Swedish Resident Held in Evin Prison for One Year Denied Lawyer for Third Time
Ahmadreza Jalali, an Iranian-born Swedish resident detained in Evin Prison since April 2016, has been denied a lawyer of his choosing for the third time, an informed source told the Center for Human Rights in Iran (CHRI).
“Unfortunately, Ahmadreza’s trial has been delayed for several months only because Judge [Abolqasem] Salavati has not accepted any of his three lawyers, who are all very well-known,” said the source on April 19, 2017.
“His family have grown tired. They don’t know who to pick as a lawyer anymore,” added the source. “Many lawyers are already afraid to accept political cases and some of them specifically refuse to face Judge Salavati.”
Djalali, an expert in emergency disaster medicine who lives in Sweden with his wife and two children, was officially invited to the capital city by Tehran University and had previously cooperated with the country’s Red Crescent Society.
He was arrested on April 24, 2016 by Intelligence Ministry agents and held in solitary confinement in Evin Prison’s Ward 209 where he was interrogated for seven months, the source told CHRI.
The charges against Djalali have not been publicly disclosed, but during the interrogation stage he was accused of “collaborating with enemy states.”
“The family first hired Mr. [Mahmoud Alizadeh] Tabatabaee, but Judge Salavati opposed him. Then, when they proposed Ms. Zeinab Taheri, at first Mr. Salavati accepted her and she took on the case, but after a few months Mr. Salavati dismissed her, too. Then a third lawyer, who has 15 years of experience in Tehran, was hired but was also rejected by Judge Salavati. The family really doesn’t know what to do.”
The source declined to provide the name of the third lawyer.
Salavati has presided over many cases against dual nationals, including Iranian-Americans Amir Hekmati, Saeed Abedini, and Jason Rezaian, who were released in January 2016 in a prisoner swap deal with the United States.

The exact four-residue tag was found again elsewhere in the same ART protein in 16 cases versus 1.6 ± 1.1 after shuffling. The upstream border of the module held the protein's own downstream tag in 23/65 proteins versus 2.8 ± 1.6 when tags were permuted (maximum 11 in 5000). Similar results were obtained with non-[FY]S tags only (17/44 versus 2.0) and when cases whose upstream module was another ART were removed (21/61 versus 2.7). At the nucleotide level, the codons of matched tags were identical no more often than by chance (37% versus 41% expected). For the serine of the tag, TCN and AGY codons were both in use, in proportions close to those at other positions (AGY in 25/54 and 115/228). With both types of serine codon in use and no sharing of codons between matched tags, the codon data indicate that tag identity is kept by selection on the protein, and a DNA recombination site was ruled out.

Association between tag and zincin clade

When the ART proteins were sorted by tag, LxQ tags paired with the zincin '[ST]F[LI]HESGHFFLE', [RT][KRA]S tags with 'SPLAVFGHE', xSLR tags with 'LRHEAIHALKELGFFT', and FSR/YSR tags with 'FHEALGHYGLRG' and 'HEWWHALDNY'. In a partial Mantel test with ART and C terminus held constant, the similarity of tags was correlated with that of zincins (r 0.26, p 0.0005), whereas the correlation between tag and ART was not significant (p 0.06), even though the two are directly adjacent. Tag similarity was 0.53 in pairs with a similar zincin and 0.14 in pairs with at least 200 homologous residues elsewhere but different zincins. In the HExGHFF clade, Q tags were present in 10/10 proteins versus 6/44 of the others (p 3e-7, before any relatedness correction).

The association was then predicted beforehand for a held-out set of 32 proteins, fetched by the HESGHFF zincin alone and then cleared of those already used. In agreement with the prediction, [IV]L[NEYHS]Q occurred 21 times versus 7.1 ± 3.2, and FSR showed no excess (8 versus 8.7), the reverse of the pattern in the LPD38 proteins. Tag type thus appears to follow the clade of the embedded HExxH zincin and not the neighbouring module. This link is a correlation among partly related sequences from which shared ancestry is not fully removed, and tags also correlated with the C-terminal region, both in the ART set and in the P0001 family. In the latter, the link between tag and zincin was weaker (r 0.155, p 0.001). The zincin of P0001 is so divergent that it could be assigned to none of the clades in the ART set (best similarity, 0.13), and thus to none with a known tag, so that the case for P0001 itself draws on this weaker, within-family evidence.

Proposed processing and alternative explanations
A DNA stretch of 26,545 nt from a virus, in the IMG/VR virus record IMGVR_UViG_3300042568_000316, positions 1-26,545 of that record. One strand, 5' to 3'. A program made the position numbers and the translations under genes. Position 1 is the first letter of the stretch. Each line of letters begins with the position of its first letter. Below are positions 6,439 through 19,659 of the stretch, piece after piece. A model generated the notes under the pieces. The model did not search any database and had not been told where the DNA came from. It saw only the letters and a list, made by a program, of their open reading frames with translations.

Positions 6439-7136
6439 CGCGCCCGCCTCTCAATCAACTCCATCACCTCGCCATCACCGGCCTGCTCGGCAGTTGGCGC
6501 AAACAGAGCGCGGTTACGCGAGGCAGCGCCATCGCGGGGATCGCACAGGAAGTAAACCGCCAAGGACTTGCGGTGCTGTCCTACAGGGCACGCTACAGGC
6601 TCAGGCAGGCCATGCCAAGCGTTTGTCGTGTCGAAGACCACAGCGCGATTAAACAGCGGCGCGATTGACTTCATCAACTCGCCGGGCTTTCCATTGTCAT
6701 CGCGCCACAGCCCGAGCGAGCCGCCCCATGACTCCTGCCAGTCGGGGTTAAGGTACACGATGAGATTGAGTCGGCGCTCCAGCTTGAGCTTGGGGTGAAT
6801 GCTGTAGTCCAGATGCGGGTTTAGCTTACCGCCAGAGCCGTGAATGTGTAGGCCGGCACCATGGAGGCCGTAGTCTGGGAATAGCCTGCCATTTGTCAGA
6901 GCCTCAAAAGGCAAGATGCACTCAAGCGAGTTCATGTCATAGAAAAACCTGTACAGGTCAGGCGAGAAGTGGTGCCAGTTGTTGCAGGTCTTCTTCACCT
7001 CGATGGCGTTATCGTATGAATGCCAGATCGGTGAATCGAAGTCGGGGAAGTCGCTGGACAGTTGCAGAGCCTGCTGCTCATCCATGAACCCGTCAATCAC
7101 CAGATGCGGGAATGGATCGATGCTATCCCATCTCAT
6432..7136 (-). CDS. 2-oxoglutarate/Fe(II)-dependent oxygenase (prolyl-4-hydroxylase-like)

He is also the presiding judge in current cases against dual nationals including Iranian-American Siamak Namazi, his father Baquer Namazi, and British-Iranian citizen Nazanin Zaghari-Ratcliffe.
In all these cases, the victims have been held without due process and under unclear or unannounced charges, and denied full and proper legal representation.
Death Penalty Threats
Djalali went on hunger strike on February 15, 2017 for about three weeks to protest being denied a lawyer and against being threatened by interrogators and Judge Salavati with the death penalty before his trial.
The source told CHRI Djalali’s health is declining in prison.
“He has a lot of pain in his legs. One of his toes has become numb and he can barely walk,” said the source. “He had no problems with his legs before prison. Tests have shown that the problem is lack of calcium because of his hunger strike.”
In a letter to President Hassan Rouhani in January 2017, Jalali’s wife, Vida Mehran-nia, pleaded for help.
“For the sake of an innocent citizen behind bars, I asked him to look into the unjust treatment Ahmadreza has received and to investigate Judge Salavati’s death threats,” Mehran-nia told CHRI in March 2017. “I haven’t gotten a response yet.”
“Is this justice? I also wrote to the judiciary’s Human Rights Director Mohammad Javad Larijani and Foreign Minister Mohammad Javad Zarif,” she said. “None of them have replied.”
The judiciary’s ongoing imprisonment of dual nationals contradicts Rouhani’s repeated calls for expatriates to return to Iran. The growing number of arrests also reflects hardliners’ efforts to prevent the engagement with the West that the Rouhani administration has sought to encourage.
Iranian-British dual citizen Nazanin Zaghari-Ratcliffe, sentenced to five years in prison in September 2016, has been held since April 2016; Iranian-American businessman Siamak Namazi, held since October 2015 and his father, 80-year-old Baquer Namazi, held since February 2016, have both been sentenced to ten years in prison; British-Iranian Roya Saberi Nobakht, held since October 2013, has been sentenced to seven years; and Iranian-Austrian dual citizen Kamran Ghaderi, held since January 2016, has been sentenced to 10 years in prison.
Iranian-American Karan Vafadari, held since July 2016, has not been sentenced yet.